### Real versus Complex Numbers

#### Posted by David Corfield

Over here, we’re looking at the differences between two famous infinitely large fields:

$\mathbb{C}$ is uncountably categorical, that is, it is uniquely described in a language of first order logic among the fields of the same cardinality.

In case of $\mathbb{R}$, its elementary theory, that is, the set of all closed first order formulae that are true in $\mathbb{R}$, has infinitely many models of cardinality continuum $2^{\aleph_0}$.

In naive terms, $\mathbb{C}$ is rigid, while $\mathbb{R}$ is soft and spongy and shape-shifting. However, $\mathbb{R}$ has only trivial automorphisms (an easy exercise), while $\mathbb{C}$ has huge automorphism group, of cardinality $2^{2^{\aleph_0}}$ (this also follows with relative ease from basic properties of algebraically closed fields). In naive terms, this means that there is only one way to look at $\mathbb{R}$, while $\mathbb{C}$ can be viewed from an incomprehensible variety of different point of view, most of them absolutely transcendental. Actually, there are just two comprehensible automorphisms of $\mathbb{C}$: the identity automorphism and complex conjugation. It looks like construction of all other automorphisms involves the Axiom of Choice. When one looks at what happens at model-theoretic level, it appears that “uniqueness” and “canonicity” of a uncountable structure is directly linked to its multifacetedness.

Apparently, there is something Galoisianly model theoretic going on.

Now, I see Jamie Vicary has a new paper – Categorical properties of the complex numbers, and I am wondering whether bridges can be built.

Abstract:

Given the success of categorical approaches to quantum theory, and given that quantum theory is underpinned by the complex numbers, it is interesting to study the categorical properties of the complex numbers directly. We describe natural categorical conditions under which the scalars of a monoidal $\dagger$-category gain many of the features of the complex numbers. Central to our approach is the requirement that the $\dagger$-functor be compatible with the construction of particular limits in the category; we show that this implies nondegeneracy of the $\dagger$-functor, as well as cancellable hom-set addition. Our main theorem is that in a nontrivial monoidal $\dagger$-category with finite $\dagger$-biproducts and finite $\dagger$-equalisers, for which the monoidal unit has no proper $\dagger$-subobjects, the scalars have an involution-preserving embedding into an involutive field with characteristic 0 and orderable fixed field, and therefore embed into the complex numbers if they are at most of continuum cardinality.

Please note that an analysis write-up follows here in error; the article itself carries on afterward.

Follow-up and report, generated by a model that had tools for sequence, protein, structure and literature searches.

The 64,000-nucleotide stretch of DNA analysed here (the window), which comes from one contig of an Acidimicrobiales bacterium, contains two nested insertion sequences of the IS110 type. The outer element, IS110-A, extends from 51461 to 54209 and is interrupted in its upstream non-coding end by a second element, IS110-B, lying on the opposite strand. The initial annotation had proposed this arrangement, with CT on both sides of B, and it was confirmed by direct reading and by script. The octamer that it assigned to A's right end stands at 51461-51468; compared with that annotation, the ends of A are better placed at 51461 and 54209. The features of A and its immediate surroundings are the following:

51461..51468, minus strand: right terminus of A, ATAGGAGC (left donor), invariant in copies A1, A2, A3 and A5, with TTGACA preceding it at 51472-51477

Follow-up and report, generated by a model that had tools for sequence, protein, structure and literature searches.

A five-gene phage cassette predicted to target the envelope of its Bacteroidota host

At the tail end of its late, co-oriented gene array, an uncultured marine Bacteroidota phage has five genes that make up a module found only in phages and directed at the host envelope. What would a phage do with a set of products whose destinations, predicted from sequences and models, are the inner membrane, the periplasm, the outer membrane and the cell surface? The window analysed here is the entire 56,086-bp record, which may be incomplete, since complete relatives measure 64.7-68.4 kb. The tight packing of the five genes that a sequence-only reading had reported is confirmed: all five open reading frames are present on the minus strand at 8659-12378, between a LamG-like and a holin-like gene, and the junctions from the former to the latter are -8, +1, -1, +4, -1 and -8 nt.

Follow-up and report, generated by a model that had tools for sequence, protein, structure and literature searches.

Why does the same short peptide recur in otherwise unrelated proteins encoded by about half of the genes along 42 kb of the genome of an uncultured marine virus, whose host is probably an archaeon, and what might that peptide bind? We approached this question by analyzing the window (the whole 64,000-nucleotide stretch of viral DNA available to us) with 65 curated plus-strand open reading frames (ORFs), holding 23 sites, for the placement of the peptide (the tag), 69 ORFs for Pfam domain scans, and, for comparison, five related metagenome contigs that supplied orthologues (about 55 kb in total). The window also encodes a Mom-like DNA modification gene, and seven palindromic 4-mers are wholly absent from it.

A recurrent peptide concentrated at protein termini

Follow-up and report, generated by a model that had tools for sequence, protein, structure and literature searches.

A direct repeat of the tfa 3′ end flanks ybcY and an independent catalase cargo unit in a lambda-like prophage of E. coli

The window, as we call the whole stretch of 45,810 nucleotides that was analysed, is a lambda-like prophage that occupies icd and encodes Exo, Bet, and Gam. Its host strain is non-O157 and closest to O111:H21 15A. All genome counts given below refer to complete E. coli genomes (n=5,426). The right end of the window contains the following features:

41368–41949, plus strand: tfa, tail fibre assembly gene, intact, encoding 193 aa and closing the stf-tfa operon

In the discussion he writes,

We set out to find a set of properties of a category that imply the category contains an algebraic structure similar to the complex numbers. We have achieved this, to some extent. The most significant missing property is that, although we have shown that the self-adjoint scalars admit a total order, this will not necessarily resemble the order on the real numbers. As a consequence, although the scalars will embed into the complex numbers (as long as they are at most of continuum cardinality), we cannot guarantee that an embedding can be found that is involution-preserving, sending the self-adjoint scalars into the real numbers.

The problem seems to be that while the reals can be characterised as

the ‘biggest’ Archimedean order: for every field with a specified Archimedean order, there is an order-preserving embedding into the real numbers. In particular, any such field is at most of continuum cardinality. We know that our self-adjoint scalars will admit an order, but it is possible that they will fail to admit an Archimedean order, which is a necessary property for them to admit an embedding into the real numbers.

## Re: Real versus Complex Numbers

This confused me. (It confused me over at your other blog too.)

Algebraically closed fields of characteristic zero are uncountably categorical, right? So it’s nothing particular about C. And from that point of view, I can explicitly construct other automorphisms. For example, I can take the algebraic closure of the p-adics; I can probably find an explicit element of the Galois group there. (I don’t actually know that’s the case, but I’m guessing it’s true.)

What makes C special is that its constructed from R. So in this argument, you are explicitly choosing your first-order model of R, i.e. R itself. You could take one of the other models, construct the equivalent of C over that model, and viola you have another algebraically closed field of characteristic zero. This field is isomorphic to C, but I would guess that you would need the axiom of choice to prove it.